Q: Who will be able to buy legal weed?
A: The question allows the sale of marijuana to those over the age of 21. People from other states could purchase marijuana in New Jersey.
Q: When will it become legal?
A: A “yes” vote on the question does not flip a switch to instantly create a new industry. The state Legislature must still pass a bill with rules and regulations to guide the industry.
If voters approve the question, legal sales could come months or more than a year later.
Q: How much can I purchase?
A: The question does not establish purchase limits. In the medical program, patients can purchase up to 3 ounces each month.
Q: Where could I buy it?
A: The question allows the Cannabis Regulatory Commission to oversee the program and would likely license new operators. That commission is also poised to take over the state’s medical marijuana program from the Department of Health, which currently has licensed 12 companies to grow, process and dispense medical cannabis.
The proposed amendment does not address lounges, which have begun to pop up out West, or online ordering and delivery, which became new features of the medical program this year.
Q: Where could I smoke it?
A: The amendment does not say, but in many other states with legal weed, consumption is largely limited to private property. Some other states have begun to open cannabis lounges that allow for on-site consumption.
Q: What are the arguments for legalization?
A: Advocates say legalization will stop low-level drug arrests, which sometimes follow people for years and impact their ability to apply for jobs, financial aid or housing. They also say a new industry will create jobs and bring new tax revenue to help New Jersey shore up its budget gaps following the coronavirus crisis.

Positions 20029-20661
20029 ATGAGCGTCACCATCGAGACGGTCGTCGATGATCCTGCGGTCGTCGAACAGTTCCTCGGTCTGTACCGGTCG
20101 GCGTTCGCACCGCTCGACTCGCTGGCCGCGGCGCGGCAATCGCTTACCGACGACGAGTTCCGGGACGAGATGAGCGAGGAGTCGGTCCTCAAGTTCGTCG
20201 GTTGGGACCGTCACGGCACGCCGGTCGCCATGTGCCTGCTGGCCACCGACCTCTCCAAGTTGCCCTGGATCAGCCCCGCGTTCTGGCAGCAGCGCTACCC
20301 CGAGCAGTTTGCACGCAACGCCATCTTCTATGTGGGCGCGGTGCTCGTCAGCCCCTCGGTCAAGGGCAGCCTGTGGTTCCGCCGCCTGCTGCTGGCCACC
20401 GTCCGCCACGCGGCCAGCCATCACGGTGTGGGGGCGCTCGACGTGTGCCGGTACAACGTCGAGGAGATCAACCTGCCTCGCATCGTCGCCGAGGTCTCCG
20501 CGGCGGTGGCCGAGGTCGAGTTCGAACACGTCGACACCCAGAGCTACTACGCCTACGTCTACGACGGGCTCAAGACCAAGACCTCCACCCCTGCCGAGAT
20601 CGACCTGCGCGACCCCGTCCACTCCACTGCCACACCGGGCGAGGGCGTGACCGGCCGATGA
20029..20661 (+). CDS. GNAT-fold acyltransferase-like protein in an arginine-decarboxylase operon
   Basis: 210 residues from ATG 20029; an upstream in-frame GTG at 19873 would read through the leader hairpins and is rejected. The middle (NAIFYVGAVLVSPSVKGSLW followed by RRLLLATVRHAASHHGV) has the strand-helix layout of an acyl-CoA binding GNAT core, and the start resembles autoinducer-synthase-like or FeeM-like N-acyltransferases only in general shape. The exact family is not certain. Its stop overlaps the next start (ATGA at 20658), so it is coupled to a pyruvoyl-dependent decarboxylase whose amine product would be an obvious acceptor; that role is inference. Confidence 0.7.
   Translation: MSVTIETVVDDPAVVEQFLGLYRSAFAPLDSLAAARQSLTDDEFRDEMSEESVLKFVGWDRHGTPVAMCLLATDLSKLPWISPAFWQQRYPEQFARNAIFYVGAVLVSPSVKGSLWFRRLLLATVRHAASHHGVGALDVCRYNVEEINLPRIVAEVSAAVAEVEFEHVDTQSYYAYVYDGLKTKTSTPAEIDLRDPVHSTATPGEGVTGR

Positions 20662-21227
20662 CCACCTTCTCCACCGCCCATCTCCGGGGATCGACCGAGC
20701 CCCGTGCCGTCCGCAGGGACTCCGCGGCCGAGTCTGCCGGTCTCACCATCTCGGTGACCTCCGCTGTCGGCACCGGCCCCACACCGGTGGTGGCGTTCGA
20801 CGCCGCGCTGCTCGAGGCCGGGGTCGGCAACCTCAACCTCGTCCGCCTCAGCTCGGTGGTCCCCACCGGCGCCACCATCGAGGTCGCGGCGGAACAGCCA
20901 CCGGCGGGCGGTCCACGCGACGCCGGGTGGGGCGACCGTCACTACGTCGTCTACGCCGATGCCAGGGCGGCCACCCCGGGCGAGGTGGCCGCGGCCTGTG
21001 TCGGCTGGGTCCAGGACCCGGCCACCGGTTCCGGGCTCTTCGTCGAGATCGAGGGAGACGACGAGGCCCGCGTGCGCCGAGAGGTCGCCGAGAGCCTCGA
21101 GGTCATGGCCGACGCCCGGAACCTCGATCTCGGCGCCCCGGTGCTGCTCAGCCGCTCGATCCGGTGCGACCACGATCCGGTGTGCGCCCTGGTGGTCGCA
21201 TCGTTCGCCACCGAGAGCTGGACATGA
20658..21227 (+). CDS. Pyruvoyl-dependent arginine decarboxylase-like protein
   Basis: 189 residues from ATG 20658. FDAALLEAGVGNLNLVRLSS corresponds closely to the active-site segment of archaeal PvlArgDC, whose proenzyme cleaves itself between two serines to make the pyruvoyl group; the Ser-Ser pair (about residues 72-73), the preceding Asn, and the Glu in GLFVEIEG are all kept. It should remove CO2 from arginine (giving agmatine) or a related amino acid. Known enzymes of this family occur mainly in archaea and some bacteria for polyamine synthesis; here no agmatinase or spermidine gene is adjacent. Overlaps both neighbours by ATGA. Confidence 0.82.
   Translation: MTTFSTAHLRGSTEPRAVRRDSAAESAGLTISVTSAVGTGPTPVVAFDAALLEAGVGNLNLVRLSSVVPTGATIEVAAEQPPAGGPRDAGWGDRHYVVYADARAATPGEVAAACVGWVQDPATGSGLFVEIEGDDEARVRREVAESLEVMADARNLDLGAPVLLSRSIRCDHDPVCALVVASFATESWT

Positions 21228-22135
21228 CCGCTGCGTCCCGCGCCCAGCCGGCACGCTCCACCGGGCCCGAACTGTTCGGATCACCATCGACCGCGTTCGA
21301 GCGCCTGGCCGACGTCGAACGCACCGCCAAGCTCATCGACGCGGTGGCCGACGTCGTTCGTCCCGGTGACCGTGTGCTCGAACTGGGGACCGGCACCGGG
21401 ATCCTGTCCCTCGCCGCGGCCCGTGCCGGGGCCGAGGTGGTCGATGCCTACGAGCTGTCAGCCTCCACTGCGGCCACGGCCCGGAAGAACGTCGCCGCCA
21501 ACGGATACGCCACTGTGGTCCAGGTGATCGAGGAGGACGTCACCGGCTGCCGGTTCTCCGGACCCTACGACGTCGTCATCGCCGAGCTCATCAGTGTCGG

Q: What are the arguments against legalization?
A: Those opposed worry about youth use and an uptick in driving under the influence. But some studies show youth use has dropped in states that have legalized weed for those over 21, and studies have failed to directly link legalization to higher rates of car crashes.
Q: What happens if I smoke weed and drive?
A: Driving under the influence of marijuana would not become legal, although enforcing such laws proves challenging for police. THC remains in the bloodstream for weeks after a person consumes it. That makes tests used to gauge alcohol intoxication levels unreliable for marijuana driving incidents.
New Jersey currently uses drug recognition experts (DREs) to determine if a person is operating their vehicle while high. Training these officers and putting them on the stand in DUI cases is costly and tedious for many police departments, making law enforcement officials wary of legalization.
But in 2018, the state began training more officers to serve as DREs in anticipation of legalization. Some companies have begun to develop new technologies to detect THC in breath, but police remain cautious about relying on emerging technology to collect vital evidence.
Q: How many people do police arrest for marijuana in New Jersey?